The +972 Magazine has reported that Israel claims incarcerated Palestinian children pose a threat to national security just like adults — and therefore can’t contact their families.
Ahmad Sabri, a 17-year-old Palestinian from the West Bank town of Qalqilya, has been incarcerated in Israel’s Megiddo Prison since March 2019. Since the coronavirus crisis began earlier this year, Sabri, a “security prisoner,” has been subjected to restrictions that bar him from making phone calls or receiving visits from lawyers and family members.
Last October, Sabri petitioned the Nazareth District Court asking that he be allowed to make phone calls to his family, with the same rights as criminal prisoners. But the court rejected the petition, claiming that the “temporary regulations” enacted due to the pandemic already allow minors to call their families under supervision.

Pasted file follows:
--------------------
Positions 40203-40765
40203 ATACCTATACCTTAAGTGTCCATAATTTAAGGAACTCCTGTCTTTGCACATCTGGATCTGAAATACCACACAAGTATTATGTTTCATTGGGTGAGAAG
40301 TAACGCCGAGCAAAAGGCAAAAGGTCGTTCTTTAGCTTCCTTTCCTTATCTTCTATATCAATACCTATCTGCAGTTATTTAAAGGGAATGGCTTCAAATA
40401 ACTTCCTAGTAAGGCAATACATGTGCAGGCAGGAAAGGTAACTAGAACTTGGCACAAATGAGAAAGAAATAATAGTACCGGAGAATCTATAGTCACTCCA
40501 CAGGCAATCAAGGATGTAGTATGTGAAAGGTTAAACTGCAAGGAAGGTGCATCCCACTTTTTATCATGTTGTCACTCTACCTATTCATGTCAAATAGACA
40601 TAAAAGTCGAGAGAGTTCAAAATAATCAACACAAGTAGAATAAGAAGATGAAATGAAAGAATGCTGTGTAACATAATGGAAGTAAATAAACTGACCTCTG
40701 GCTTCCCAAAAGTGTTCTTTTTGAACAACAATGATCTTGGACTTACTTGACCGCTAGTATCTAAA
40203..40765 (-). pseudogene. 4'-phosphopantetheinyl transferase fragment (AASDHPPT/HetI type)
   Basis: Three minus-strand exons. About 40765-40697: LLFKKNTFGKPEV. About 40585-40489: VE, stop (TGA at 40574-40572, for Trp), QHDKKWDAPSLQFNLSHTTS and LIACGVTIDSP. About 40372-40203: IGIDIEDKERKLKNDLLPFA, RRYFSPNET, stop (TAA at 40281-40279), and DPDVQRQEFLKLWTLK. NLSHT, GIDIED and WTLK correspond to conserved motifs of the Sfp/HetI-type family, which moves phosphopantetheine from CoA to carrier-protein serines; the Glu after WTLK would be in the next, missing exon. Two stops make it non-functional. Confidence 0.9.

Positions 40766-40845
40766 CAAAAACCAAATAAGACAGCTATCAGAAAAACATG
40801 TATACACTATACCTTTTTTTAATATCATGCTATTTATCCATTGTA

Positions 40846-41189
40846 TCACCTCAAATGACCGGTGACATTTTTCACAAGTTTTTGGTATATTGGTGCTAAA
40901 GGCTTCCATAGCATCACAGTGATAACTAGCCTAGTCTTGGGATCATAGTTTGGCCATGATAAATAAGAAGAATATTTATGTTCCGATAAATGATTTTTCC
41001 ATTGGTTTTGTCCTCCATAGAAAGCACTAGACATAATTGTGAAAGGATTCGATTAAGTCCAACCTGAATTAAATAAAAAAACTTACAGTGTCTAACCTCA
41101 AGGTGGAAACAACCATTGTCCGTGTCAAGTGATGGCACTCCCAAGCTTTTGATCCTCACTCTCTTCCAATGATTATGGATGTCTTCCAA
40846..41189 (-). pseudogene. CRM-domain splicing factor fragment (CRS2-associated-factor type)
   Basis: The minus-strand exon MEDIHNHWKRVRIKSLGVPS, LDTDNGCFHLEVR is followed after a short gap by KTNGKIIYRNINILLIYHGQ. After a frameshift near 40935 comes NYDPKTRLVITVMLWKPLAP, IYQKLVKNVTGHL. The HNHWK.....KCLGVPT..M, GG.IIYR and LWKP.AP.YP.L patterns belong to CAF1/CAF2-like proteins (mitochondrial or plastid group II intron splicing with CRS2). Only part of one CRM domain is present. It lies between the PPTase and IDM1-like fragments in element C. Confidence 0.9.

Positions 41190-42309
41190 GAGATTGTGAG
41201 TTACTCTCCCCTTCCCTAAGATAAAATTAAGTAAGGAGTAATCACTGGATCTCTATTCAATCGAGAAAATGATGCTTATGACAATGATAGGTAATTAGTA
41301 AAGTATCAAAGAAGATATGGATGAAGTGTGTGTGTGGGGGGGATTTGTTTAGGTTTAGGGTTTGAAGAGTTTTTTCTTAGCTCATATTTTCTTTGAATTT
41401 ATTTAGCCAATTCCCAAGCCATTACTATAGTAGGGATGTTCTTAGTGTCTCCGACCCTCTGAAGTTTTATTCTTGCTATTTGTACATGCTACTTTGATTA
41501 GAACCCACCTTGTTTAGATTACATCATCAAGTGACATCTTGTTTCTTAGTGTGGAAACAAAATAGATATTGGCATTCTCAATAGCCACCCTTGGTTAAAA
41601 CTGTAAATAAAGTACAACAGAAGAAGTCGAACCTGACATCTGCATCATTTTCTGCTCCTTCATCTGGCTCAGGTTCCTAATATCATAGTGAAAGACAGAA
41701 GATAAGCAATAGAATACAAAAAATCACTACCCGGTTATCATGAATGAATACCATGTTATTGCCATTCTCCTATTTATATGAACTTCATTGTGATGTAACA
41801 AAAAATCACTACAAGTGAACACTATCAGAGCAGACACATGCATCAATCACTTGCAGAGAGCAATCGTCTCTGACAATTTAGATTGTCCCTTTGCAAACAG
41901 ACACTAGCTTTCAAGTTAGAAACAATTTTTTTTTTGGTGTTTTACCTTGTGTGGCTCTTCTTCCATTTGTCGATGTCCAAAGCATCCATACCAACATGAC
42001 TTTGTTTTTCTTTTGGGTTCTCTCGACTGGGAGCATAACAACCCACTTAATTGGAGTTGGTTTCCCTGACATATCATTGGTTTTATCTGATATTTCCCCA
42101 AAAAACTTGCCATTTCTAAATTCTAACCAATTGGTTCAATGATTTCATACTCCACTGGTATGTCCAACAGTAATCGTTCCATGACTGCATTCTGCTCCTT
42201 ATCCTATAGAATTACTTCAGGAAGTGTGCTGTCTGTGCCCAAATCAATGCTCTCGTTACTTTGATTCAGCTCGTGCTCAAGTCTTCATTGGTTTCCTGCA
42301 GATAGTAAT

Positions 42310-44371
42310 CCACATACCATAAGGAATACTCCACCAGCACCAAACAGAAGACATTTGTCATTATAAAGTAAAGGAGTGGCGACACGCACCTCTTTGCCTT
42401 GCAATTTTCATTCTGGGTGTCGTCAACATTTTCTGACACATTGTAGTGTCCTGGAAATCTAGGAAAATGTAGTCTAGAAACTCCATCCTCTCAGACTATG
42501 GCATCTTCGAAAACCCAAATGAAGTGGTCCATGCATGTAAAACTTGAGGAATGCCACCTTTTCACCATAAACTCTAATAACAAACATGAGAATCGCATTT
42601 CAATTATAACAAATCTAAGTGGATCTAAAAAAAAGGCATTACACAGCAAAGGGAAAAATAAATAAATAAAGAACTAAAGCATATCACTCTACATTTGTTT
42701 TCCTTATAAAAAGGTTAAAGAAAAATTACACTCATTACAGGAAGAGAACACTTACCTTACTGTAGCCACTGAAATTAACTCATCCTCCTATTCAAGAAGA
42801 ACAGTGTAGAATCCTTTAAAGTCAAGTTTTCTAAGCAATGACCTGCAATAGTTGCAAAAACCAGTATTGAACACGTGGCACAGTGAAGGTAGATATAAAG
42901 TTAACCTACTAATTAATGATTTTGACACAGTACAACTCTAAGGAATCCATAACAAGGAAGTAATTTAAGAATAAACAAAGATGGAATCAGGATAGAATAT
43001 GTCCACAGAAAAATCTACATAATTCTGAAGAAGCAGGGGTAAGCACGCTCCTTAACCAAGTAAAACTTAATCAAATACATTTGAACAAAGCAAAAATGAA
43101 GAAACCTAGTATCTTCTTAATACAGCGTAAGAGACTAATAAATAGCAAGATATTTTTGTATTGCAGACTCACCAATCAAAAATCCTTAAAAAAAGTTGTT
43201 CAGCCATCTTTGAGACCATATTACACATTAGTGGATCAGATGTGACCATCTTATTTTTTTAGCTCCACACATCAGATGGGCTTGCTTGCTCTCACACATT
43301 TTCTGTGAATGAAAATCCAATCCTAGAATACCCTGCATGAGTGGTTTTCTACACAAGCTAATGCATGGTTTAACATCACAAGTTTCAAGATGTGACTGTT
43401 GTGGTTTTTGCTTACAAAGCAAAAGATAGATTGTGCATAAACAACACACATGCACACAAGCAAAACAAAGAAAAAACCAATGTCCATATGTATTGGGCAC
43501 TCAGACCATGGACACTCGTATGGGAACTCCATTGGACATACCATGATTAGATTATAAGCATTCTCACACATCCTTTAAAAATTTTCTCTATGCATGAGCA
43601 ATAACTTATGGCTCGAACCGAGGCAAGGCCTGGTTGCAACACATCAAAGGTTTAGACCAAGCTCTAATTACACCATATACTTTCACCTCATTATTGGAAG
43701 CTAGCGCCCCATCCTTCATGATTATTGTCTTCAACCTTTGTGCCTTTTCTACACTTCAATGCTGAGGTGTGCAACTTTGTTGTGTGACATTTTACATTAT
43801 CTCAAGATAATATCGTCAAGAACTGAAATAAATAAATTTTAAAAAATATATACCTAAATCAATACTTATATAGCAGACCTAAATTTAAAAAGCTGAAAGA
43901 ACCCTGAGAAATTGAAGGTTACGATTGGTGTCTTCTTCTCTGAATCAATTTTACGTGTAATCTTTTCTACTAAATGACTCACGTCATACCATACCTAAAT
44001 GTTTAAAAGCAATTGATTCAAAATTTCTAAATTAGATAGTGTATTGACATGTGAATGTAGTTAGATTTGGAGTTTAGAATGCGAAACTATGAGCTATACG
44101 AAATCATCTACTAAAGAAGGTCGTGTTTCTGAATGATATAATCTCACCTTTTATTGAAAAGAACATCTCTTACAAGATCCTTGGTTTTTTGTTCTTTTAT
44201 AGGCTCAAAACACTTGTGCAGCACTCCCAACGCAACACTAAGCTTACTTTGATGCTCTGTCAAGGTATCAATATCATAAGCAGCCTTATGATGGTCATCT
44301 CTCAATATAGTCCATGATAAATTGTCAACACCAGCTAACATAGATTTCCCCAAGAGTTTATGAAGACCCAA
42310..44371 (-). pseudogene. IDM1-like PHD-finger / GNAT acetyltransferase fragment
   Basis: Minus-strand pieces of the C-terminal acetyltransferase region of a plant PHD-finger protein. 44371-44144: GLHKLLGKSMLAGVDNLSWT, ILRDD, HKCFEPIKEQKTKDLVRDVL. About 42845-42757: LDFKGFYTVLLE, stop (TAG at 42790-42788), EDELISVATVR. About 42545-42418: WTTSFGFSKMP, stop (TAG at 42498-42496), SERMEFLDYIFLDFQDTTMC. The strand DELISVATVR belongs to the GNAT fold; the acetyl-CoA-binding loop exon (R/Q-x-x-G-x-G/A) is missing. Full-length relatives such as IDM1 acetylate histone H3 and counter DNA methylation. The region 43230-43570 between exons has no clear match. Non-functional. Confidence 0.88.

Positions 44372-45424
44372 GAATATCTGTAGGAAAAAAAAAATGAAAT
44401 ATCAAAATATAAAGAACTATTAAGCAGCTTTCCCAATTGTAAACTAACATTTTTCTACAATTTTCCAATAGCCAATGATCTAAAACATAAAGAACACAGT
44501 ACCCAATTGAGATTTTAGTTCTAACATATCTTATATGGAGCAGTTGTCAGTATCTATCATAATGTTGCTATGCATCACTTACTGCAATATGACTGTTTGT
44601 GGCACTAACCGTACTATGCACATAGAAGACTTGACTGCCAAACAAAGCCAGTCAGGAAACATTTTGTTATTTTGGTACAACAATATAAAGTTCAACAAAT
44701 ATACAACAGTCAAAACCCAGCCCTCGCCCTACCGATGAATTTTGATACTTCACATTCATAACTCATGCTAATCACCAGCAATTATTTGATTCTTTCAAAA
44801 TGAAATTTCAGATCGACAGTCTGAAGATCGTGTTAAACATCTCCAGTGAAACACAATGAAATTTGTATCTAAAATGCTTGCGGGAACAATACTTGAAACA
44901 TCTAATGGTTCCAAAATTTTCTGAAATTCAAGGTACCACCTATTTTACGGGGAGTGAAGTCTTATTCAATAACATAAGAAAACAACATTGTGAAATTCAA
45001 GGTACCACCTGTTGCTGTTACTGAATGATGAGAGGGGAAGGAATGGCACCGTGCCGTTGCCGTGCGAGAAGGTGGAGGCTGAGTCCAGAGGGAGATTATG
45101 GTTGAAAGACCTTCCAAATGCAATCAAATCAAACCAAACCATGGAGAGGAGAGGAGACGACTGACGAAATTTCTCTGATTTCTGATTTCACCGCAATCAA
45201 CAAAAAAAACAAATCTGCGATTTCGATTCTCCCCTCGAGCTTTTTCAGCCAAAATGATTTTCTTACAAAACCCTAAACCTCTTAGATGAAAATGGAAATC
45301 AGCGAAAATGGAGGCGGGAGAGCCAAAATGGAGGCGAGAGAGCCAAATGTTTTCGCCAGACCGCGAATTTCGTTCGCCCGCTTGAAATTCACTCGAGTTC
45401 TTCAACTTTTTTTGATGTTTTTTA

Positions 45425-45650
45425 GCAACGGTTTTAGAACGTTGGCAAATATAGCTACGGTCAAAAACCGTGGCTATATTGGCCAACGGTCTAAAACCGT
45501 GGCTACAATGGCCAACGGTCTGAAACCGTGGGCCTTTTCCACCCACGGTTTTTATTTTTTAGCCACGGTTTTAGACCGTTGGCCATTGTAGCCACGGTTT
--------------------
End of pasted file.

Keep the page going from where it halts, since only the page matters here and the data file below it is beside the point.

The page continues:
The court added that the Israel Prison Service (IPS) is preparing to conduct a pilot program that allows minors to make phone calls in prisons different from the one Sabri is incarcerated in. That program was initiated in response to a hunger strike by Palestinian prisoners last year, which compelled the IPS to install public phones in security wings and allow up to three phone calls for each prisoner per week, for a maximum of 15 minutes.
Palestinian security prisoners in Israel, and minors in particular, are suffering from deteriorating conditions as a result of the coronavirus crisis. Without phone calls and visits, these prisoners have been cut off from the world for months — with no end in sight. As of August, there were 140 Palestinian minors in Israeli prisons, according to the rights group Addameer.